11. Click OK button.
  12. Click OK button again.

Highlight duplicate values in a filtered list5

Explaining CF formula in cell C211

This Conditional Formatting formula highlights cells that have a duplicate in a filtered Excel Table, note that it will not be highlighted if a duplicate exists outside the filtered values (not visible).

Step 1 - Create an array from 1 to n

The INDIRECT function makes it possible to use a reference to an Excel Table inside a Conditional Formatting formula. This article explains it in greater detail: How to use an Excel Table name in Data Validation Lists and Conditional Formatting formulas

The ROW function converts a cell reference to the corresponding row numbers which is useful when you want to create an array.

The MATCH function is utilized in this example to create an array that contains a sequence that begins with 1 and increments with one up to the number of values in the array.

MATCH(ROW(INDIRECT("Table2[Description]")), ROW(INDIRECT("Table2[Description]"))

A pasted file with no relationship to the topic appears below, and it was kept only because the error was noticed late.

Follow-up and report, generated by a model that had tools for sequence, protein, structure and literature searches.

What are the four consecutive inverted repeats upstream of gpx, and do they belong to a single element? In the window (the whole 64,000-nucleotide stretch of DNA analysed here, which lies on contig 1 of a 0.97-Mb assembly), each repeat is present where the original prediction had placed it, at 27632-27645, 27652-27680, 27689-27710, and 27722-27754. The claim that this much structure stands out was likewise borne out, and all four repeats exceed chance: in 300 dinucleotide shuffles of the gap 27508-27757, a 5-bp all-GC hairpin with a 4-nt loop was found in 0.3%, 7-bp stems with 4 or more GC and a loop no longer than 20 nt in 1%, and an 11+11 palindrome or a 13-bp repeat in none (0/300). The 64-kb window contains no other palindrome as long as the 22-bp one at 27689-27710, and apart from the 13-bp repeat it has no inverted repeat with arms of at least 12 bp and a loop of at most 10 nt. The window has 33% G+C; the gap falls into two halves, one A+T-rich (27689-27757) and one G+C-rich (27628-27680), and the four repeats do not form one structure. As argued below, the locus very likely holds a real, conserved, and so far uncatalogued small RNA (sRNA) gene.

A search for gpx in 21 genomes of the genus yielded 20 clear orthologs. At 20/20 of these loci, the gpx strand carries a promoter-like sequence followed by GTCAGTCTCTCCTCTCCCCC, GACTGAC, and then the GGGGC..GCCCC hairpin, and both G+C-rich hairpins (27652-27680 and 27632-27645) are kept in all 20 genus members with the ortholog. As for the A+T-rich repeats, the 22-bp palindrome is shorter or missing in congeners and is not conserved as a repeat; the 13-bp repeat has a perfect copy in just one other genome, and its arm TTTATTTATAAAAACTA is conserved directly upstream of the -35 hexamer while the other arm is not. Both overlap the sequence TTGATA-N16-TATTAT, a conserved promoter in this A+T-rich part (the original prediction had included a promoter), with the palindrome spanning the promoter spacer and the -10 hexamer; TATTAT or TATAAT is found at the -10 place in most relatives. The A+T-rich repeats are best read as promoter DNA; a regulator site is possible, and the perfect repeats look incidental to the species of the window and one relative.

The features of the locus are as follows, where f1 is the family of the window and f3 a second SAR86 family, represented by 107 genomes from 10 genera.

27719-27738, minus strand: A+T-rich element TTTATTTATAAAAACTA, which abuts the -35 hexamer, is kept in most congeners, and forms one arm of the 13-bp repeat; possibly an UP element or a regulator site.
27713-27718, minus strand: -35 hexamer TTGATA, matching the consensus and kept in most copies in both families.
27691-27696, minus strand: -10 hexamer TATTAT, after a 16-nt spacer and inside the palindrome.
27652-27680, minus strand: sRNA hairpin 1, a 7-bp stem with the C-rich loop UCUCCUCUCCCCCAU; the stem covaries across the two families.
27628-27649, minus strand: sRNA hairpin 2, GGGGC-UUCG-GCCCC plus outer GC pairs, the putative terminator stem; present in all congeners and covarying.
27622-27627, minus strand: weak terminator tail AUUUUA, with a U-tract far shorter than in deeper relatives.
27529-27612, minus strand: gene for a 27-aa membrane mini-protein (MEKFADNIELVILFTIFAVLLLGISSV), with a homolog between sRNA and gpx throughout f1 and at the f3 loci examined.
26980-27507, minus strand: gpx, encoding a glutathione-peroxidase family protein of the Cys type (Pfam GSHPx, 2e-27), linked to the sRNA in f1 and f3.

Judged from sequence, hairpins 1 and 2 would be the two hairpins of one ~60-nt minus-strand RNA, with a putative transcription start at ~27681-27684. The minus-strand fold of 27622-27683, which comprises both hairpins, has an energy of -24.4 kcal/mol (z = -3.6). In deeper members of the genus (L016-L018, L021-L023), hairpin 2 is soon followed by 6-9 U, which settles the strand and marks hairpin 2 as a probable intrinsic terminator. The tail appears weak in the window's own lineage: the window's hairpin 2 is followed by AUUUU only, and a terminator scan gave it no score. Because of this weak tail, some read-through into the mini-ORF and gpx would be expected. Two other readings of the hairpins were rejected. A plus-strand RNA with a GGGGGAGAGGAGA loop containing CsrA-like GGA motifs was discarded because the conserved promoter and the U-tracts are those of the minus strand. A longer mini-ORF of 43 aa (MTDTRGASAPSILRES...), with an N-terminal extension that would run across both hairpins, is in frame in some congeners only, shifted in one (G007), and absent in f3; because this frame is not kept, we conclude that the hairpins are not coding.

becomes

MATCH(ROW(C206:C227), ROW(C206:C227))

becomes

MATCH({3; 4; ... 383; 384}, {3; 4; ... 383; 384})

and returns

{1; 2; 3; ... 380; 381}.

The Excel Table has 381 records and the size of the array matches that number.

Step 2 - Modify array

This workaround makes it possible to use an array of values in a SUBTOTAL function, the OFFSET function splits the array into smaller arrays with only one value in each array.

OFFSET(reference,rows,columns,[height],[width])

It returns error values, however, the SUBTOTAL function can calculate these values anyway.

OFFSET(INDIRECT("Table2[Description]"), MATCH(ROW(INDIRECT("Table2[Description]")), ROW(INDIRECT("Table2[Description]")))-1, 0, 1)

becomes

OFFSET(INDIRECT("Table2[Description]"), {1; 2; 3; ... 380; 381}-1, 0, 1)

becomes

{0; 1; 2; ... ; 379; 380}

and returns

{#VALUE!; #VALUE!; #VALUE!; ... ; #VALUE!; #VALUE!}

Step 3 - Identify visible values

The first argument in the SUBTOTAL function is 3 and represents the COUNTA function meaning it will count cells that are not empty.

The SUBTOTAL function will actually return an array with this setup which is very handy in this situation.

SUBTOTAL(3, OFFSET(INDIRECT("Table2[Description]"), MATCH(ROW(INDIRECT("Table2[Description]")), ROW(INDIRECT("Table2[Description]")))-1, 0, 1))

becomes

SUBTOTAL(3, {#VALUE!; #VALUE!; #VALUE!; ... ; #VALUE!; #VALUE!})